It’s that time of year again where our capitalistic tendencies take over, and we watch ourselves indulge in spending money on meaningless things such as Pumpkin Spice Crest Toothpaste and Clorox Pumpkin Spice Bleach. I don’t indulge on anything laced with allspice or nutmeg because I’m a semi-normal individual that has values and boundaries. For those that don’t have any common decency left this is a good time of year for you.
Fall shouldn’t be synonymous with a drink that contains 50 grams of sugar and close to half your daily value of saturated fat. I, of course, am referencing the Grande Pumpkin Spice Latte or as really cool Starbucks baristas like myself call it, PSL. According to Abbreviations.com, PSL also stands for pumpkin squirrel latte, which I still am trying to figure out, why and how? But how did we get to this point? How did we get to this point of normality where combining pumpkin spices with coffee became acceptable? Well, first we have to hold the food company, McCormick, responsible. According to The Chicagoist, back in the 1950’s to 60s, McCormick introduced the concept of “bundling” spices. One of the first successful bundling spices was “Pumpkin Pie Spice,” made to help home cooks not have to measure individual spices for their pumpkin pies. I had no idea that the process of singularly measuring nutmeg, cinnamon, and allspice was so strenuous that an alternative blend mix of spices had to be created but thank you, McCormick.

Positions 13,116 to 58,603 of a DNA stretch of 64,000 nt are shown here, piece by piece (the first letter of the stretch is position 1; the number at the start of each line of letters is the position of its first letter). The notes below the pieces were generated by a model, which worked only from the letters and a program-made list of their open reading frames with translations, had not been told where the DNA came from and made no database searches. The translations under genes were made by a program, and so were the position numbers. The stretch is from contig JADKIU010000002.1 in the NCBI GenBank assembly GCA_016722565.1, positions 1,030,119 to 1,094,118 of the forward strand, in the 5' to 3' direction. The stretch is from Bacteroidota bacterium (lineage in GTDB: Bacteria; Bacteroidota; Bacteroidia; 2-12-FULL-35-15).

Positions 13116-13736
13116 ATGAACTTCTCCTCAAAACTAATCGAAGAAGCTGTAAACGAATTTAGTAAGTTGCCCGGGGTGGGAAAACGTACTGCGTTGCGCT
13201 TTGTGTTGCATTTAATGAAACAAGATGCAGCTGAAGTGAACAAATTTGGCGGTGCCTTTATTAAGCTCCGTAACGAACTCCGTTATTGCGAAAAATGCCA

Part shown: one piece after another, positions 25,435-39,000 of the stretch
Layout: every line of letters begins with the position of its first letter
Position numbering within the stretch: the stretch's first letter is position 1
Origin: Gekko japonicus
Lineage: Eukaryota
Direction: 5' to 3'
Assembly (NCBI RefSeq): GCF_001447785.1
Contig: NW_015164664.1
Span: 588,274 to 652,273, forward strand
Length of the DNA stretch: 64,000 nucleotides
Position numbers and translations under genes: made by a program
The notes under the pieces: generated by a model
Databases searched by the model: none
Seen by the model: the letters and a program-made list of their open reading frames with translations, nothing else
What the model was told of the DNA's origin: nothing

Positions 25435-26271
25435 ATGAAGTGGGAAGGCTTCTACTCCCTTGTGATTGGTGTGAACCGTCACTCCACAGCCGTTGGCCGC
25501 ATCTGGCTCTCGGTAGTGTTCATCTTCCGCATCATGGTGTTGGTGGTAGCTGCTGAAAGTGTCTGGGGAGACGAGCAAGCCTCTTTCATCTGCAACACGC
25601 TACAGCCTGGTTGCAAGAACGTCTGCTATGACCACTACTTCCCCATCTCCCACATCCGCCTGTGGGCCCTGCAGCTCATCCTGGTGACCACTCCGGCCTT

This still doesn’t answer the question of how the PSL, Pumpkin Spice Latte not pumpkin squirrel latte, gained traction in becoming Fall's most recognizable drink. From what I found, home cooks took to this new spice bundle “Pumpkin Pie Spice” and started experimenting with the spice on other food mediums which eventually led to its usage in coffee, disgusting. It wasn’t until 2003 that Starbucks was able to capitalize on McCormick's “Pumpkin Pie Spice” and turn it into a syrup form. By marketing the drink under the easily rememberable name of “Pumpkin Spice Latte,” while making it a limited time offer feature, Starbucks was able to create a seasonal favorite.
Fall is about watching squirrels eat newly dropped acorns. Fall is about trick or treating when you’re 18 years old while people questionably look at you because you’re stealing candy from elementary school kids dressed as Soulja Boy with a full beard. Fall is about wearing shoes again so you can finally hide your toenails that you’re self-conscious about because you haven't forgotten that day in June that Heather made fun of them. I speak for everyone when saying this is what fall is honestly about, not some corporate Starbucks latte that just happens to look unusually cool when posted on Instagram.